This post, marks the official beginning of the series, where we will try to move forward first slowly, trying to build basics into simple probability theory, to more advanced concepts.

Now, lets get started like this. Consider the term, variable. What does it mean? Something which can vary. Lets try to finetune it a bit more, can it vary within bounds? We can’t necessarily say that.

What about, can we impose some limits on its behaviour? Depends on what kind of limit we are talking about.

Okay, so if we consider the equation $ax=b$, where $a,b$ are constants, then, $x$ will be a simple deterministic variable. Given $a,b$ we do know how $x$ will vary. Nice and good. We in our daily lives used to seeing and working with deterministic variables.
Now this set of variables have got more snobby cousins, called random variables. What are random variables?

Practically just think of an experiment, where there are n outcomes possible. And we assign a value to those outcomes, say 1,2,3….n. It doesnt mean a weight or something like,it just is a marker of the outcome which has come out. You can even call it, by the names of your kids, or your girlfriends. Now, if I ask, what is the outcome of the experiment, we dont know about it, accurately. Because, each time we repeat the experiment any one of them can pop up randomly. Hence we assign the result of the outcome as X and say, X is a random variable and can take values from 1,2,3…n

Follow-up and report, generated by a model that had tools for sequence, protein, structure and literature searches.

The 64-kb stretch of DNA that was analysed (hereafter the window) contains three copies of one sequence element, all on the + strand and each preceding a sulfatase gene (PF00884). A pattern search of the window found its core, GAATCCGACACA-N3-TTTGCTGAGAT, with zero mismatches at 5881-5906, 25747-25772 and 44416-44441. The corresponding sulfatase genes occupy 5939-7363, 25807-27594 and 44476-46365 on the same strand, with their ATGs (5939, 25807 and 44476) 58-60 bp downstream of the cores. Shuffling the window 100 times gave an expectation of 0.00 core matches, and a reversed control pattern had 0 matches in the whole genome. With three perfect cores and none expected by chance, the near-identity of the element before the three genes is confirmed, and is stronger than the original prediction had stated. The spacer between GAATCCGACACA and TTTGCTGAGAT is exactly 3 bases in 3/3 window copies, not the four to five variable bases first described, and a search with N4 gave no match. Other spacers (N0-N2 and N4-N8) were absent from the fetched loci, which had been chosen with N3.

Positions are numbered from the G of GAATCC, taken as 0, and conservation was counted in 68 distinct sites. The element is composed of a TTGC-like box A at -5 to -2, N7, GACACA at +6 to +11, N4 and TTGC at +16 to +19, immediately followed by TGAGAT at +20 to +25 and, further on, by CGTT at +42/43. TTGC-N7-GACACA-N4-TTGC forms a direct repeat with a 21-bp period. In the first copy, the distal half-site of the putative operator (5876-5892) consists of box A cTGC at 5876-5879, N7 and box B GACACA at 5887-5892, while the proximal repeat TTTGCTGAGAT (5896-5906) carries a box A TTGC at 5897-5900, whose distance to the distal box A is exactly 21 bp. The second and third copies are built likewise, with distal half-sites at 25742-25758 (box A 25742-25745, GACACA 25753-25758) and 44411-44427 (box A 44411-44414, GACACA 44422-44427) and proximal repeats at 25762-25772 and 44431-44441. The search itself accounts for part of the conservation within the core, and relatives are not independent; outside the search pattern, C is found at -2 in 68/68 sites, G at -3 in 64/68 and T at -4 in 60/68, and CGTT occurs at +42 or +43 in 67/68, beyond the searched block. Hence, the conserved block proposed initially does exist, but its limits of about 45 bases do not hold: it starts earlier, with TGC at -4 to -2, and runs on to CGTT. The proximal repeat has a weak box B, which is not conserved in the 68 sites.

So here the values which it can take, is called sample space.So the outcome of the experiment of tossing a coin, or throwing a dice will have a sample space as {H,T} or {1,2,3…6}.

Plain and simple eh?

Now lets try to crank the quotient a bit.

Lets consider we have a signal source, an information source. Randomly it switches itself on, transmits something for some time period 0 to T, the information is not known before hand*, and switches itself off.

So because what is being transmitted is unknown,  and each time it switches itself on, is considered a process. Now the signal which is being transmitted, its contents (or information content we dont know and can’t predict).

In these cases, to model the situation  at hand, we deduce something, we assume a few things, and then try to forward our journey. As a sidenote, most of my education, I have tried, (not necessarily succeeded) to connect the dots which are coming towards me with the path I have traversed till now. So for example you know linear algebra, you will try to work with say equations, then slowly move to quadratic equations, all the while trying to form relationships between what you have studied, and trying to solve the challenge at hand by what you already know. Nothing hi-fi, simple plain things.

So now, we want to come back to our signal source, and want to study its characteristics. We notice a few things, in the signal source, the signal source, can generate anything, and can take any of the probable ways. Not all are equiprobable, not necessarily. So such kind of a setup, a system, a non deterministic situation we call as a stochastic process.

What is stochastic process?